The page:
Shovelers and plowers: Don't bury fire hydrants



Shovelers and plowers: Don't bury fire hydrants
Editor:
I'm writing this letter today regarding the fire hydrants being buried from the recent snow fall of Christmas day.
In my travels to various shopping plazas in the area I have noticed two things: A) fire hydrants being buried by residents shoveling their driveways and sidewalks, and B) contractors burying hydrants while plowing parking lots at our shopping areas.
We all have to keep in mind that fire hydrants are placed in key areas so that our local fire departments can tie into them for additional water to aid them in saving lives and reducing fire damage. The water carried in fire trucks today only last for about 2-3 minutes, which means hydrants are needed for the additional supply of water.
One of the worst nightmares a firefighter can have is to pull up to a "working structure fire" and find the hydrant they need is buried with snow. Time is a very important factor in firefighting, the longer it takes a firefighter to dig out a buried hydrant, or find one that is not, the greater the chances of not being able to perform a proper entry with a charged line for rescue and knock down. The firefighter's job is very stressful, let's not compound their headaches by taking away one of the key tools needed for effective and speedy fire suppression.
The supply line that is laid into the trucks need to be as straight as possible and free of kinks in order to use every drop of water that hydrant can supply. Ample space needs to be given around and in front of any hydrant. So the next time we clean our driveways and walkways, and the next time you contractors plow the many shopping areas parking lots, look around and see where the various fire hydrants may be located.
Just remember the extra time one takes now to keep these vital firefighting tools open and clear, the better it will be for our firefighters, neighbors, and our shopping plaza owners in the early stages of any fire emergency. Help our firefighters so they can help us in our time of need. I speak these words from experience.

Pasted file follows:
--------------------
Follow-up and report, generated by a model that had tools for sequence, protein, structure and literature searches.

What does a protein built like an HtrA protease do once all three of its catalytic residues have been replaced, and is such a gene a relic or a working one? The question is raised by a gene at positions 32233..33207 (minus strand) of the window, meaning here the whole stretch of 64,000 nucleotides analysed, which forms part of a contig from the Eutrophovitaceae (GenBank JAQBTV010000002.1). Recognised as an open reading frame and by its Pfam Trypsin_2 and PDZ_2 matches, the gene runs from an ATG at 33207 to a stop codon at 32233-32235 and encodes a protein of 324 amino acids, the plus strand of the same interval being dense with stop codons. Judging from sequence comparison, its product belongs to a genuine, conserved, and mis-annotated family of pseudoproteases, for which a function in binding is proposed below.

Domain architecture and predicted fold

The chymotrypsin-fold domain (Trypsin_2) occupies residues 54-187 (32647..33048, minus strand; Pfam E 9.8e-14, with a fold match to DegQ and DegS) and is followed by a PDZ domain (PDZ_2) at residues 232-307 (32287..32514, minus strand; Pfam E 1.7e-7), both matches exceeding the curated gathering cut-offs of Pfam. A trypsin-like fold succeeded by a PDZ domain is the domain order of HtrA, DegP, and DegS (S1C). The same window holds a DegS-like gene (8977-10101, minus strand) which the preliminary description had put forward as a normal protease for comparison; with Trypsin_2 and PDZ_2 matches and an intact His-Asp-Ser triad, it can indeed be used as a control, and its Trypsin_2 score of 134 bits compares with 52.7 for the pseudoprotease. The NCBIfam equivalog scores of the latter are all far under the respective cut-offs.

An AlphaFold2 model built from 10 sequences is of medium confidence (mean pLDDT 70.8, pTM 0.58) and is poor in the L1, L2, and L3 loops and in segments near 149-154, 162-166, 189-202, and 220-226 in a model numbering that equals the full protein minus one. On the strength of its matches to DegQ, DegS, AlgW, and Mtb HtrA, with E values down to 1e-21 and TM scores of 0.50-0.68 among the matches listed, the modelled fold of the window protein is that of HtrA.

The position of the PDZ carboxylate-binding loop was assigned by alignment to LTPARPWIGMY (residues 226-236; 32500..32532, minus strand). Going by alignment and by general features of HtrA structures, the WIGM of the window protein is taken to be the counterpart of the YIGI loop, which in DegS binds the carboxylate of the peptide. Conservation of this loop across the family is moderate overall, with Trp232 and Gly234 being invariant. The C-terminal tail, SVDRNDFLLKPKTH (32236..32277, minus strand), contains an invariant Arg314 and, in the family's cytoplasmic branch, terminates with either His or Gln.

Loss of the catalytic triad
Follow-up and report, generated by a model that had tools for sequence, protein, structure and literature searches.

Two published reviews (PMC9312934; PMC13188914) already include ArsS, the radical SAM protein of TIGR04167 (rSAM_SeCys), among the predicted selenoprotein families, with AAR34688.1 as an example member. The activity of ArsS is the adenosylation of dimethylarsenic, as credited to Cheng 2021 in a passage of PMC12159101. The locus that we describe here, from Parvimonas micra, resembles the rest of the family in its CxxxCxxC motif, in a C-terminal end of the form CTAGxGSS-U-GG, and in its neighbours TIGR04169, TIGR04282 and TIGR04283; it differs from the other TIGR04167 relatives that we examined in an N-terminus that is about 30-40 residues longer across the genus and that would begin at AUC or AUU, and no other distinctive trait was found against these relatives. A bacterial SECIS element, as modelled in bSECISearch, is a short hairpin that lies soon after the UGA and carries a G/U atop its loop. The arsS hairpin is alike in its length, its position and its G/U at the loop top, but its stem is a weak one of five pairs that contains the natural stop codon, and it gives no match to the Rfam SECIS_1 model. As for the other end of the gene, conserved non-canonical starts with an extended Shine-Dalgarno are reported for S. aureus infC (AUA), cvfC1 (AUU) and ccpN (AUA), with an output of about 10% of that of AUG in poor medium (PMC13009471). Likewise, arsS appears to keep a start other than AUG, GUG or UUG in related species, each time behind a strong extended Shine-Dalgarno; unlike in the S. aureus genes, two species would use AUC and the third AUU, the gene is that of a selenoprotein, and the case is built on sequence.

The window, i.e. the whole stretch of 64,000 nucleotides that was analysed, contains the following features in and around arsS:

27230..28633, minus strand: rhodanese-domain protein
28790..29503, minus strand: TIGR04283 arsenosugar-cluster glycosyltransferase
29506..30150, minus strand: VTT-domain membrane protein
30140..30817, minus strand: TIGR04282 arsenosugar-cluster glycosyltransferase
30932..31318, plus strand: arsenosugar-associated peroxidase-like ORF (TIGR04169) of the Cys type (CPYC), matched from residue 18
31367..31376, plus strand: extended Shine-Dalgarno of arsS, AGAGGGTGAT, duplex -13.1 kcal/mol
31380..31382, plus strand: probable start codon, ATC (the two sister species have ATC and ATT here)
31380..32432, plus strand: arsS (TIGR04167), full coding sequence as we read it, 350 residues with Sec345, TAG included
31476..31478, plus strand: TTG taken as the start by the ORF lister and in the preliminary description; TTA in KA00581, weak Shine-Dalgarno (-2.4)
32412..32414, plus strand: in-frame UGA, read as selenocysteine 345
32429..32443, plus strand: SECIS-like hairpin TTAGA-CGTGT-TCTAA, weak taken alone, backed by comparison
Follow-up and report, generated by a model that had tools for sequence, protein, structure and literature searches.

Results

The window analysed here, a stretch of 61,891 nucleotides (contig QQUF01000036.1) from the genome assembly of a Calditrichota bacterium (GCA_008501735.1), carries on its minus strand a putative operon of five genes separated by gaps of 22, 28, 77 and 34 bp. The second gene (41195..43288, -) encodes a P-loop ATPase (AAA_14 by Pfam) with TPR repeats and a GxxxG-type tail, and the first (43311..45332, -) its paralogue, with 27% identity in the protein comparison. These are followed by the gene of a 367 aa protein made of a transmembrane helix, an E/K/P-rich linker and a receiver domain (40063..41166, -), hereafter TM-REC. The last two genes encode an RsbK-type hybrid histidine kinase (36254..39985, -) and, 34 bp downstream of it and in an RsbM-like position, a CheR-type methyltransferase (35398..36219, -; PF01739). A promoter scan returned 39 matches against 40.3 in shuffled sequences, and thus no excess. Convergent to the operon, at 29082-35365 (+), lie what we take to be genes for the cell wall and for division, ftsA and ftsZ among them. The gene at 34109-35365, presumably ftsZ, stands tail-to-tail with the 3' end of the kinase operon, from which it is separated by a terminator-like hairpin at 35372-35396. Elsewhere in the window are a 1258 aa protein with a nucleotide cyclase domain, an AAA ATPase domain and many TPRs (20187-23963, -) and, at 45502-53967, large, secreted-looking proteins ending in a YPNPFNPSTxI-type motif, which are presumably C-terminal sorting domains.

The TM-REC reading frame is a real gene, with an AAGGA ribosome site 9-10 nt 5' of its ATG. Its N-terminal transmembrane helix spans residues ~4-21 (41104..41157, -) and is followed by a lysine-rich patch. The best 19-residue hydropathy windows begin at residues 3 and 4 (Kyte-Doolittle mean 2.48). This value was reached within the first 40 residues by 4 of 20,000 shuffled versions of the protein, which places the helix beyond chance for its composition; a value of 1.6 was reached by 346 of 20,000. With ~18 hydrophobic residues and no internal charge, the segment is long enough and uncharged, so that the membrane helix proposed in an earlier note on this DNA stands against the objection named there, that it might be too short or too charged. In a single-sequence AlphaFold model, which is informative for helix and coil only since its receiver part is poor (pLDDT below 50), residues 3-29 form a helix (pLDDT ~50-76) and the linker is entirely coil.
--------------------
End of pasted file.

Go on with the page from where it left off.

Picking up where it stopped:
JOHN PAWLOSKY
Boardman
X The writer is a former Boardman volunteer firefighter
What's happened to U.S. under President Bush?
EDITOR:
I have been observing our national policies with great interest. I do not approve of the course of action that the present administration has been pursuing politically and economically. I feel President Bush and the Skipper of the Valdez oil tanker have much in common. They have both taken rash courses of action.
When President George W. Bush took over at the helm as our country's leader he inherited a robust economy. Our nation enjoyed the first fiscal surpluses in more than 30 years. The unemployment figures were at historical lows. Large companies were sending their representatives to the universities to recruit students who were about to graduate to come work in lucrative positions in their respective companies.
Today many of the brightest graduates are flipping hamburgers. In fact MacDonalds has just posted its first financial losses in the company's history. Blue chip companies are on the brink of disaster. A question occurs in the minds of many. Is this the reason war is imminent? To bolster the economy? Chairman Greenspan has done his very best to shore up the economy by lowering interest rates to unheard of low rates! It has helped the housing market.
Today, largely due to the president's saber rattling policies he has distanced many of our former allies away from us. Colin Powell has done his utmost to smooth over remarks made by the administration. If it were not for Prime Minister Tony Blair we would have been alienated from the United Kingdom. Tony Blair has put his personal career on the line since an alarming number of British subjects are opposed to their prime minister's support of the Bush agenda.
If President Bush decides to wage war against Iraq contrary to the sanctions of the United Nations Security Council, I shudder to think of the consequences. It would not be a replication of Desert Storm where the enemy could be observed from horizon to horizon in the open desert. A war in the cities would be a very costly undertaking both in the lives of our service personnel and civilian casualties as well. Door to door warfare is extremely hazardous. It would not bode well in the court of public opinion.
If the U.N. weapons inspectors should stumble upon the "smoking gun," that could justify President Bush's order to wage war with Iraq.
BEN PAULSEY
Warren

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